Once she attained her blue belt, Adric worked as an assistant instructor. “We would get some of them coming in and saying, ‘we’re getting bullied,’” she says. Sometimes they wouldn’t have friends at school or they just needed to feel connected. “Teaching these kids was something special and something I like doing for the community.”
Makani Adric surfs at Red Bull Magnitude at Waimea Bay in 2023

Makani Adric surfs at Red Bull Magnitude at Waimea Bay in 2023

© John Hook / Red Bull Content Pool

Surfing and jiu-jitsu remain entwined in Adric’s life. “Mentally, physically, and emotionally, I think surfing and jiu-jitsu calm me — even though I’m getting beat up half the time.” Adric is currently a third-degree brown belt, but she’s not in a hurry. “I’m trying to get my black belt — hopefully in the next ten years.”
In a Jiu-Jitsu match, opponents grapple until one fighter submits. When Adric fights, she has to find ways to escape her opponent and search out their weaknesses. “When someone tries to submit me with a choke, I wonder how I’m going to survive this? Do I tap out or hold on and think of a way to escape?”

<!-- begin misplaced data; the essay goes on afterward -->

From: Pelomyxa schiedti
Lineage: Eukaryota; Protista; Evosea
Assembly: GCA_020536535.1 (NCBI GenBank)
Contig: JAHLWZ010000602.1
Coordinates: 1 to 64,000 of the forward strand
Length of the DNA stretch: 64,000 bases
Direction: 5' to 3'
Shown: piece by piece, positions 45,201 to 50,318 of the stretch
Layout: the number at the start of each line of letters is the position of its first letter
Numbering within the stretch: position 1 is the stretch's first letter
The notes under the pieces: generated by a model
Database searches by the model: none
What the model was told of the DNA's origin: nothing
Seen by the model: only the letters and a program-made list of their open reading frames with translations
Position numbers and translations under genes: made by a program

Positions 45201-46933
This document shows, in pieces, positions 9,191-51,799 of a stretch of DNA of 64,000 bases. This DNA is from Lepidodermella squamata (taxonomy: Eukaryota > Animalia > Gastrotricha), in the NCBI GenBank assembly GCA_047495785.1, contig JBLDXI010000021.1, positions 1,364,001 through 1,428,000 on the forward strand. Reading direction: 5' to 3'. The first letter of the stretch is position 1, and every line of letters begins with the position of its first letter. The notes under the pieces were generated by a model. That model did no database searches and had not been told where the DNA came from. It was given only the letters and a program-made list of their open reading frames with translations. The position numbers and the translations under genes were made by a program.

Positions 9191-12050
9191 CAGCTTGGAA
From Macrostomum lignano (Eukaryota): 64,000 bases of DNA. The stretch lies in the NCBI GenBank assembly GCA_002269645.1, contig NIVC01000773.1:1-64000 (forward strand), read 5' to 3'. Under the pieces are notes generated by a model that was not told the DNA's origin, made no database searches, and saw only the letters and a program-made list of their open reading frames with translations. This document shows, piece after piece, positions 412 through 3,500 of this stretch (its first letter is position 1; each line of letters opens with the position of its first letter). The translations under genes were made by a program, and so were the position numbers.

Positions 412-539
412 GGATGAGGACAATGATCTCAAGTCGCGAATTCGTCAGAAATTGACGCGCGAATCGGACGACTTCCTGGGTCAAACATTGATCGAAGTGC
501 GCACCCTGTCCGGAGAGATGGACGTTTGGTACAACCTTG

Held underwater in big surf, the stakes are infinitely higher than grappling in the gym. “In surfing, if I tap out, I’m going to drown,” she says. The focus Adric has learned from jiu-jitsu buoys her in the ocean. “When I’m surfing big waves, my mentality has to be there,” Adric says. “Am I going to drown or am I going to think of a game plan until I can pop back up? It’s basically my life.” She is the calm in the storm.

A Winter to Remember

Each winter Adric looks forward to the big swells at Waimea. She’s especially come to love the days Red Bull Magnitude is on at Waimea. The event tightens connections among the women in big-wave surfing and offers a showcase for their talents. “When they call the event on, I feel like we are just free surfing,” she says. “It’s a good way to show other girls that you can have fun even if you’re surfing in a contest.”

1 min

Makani Adric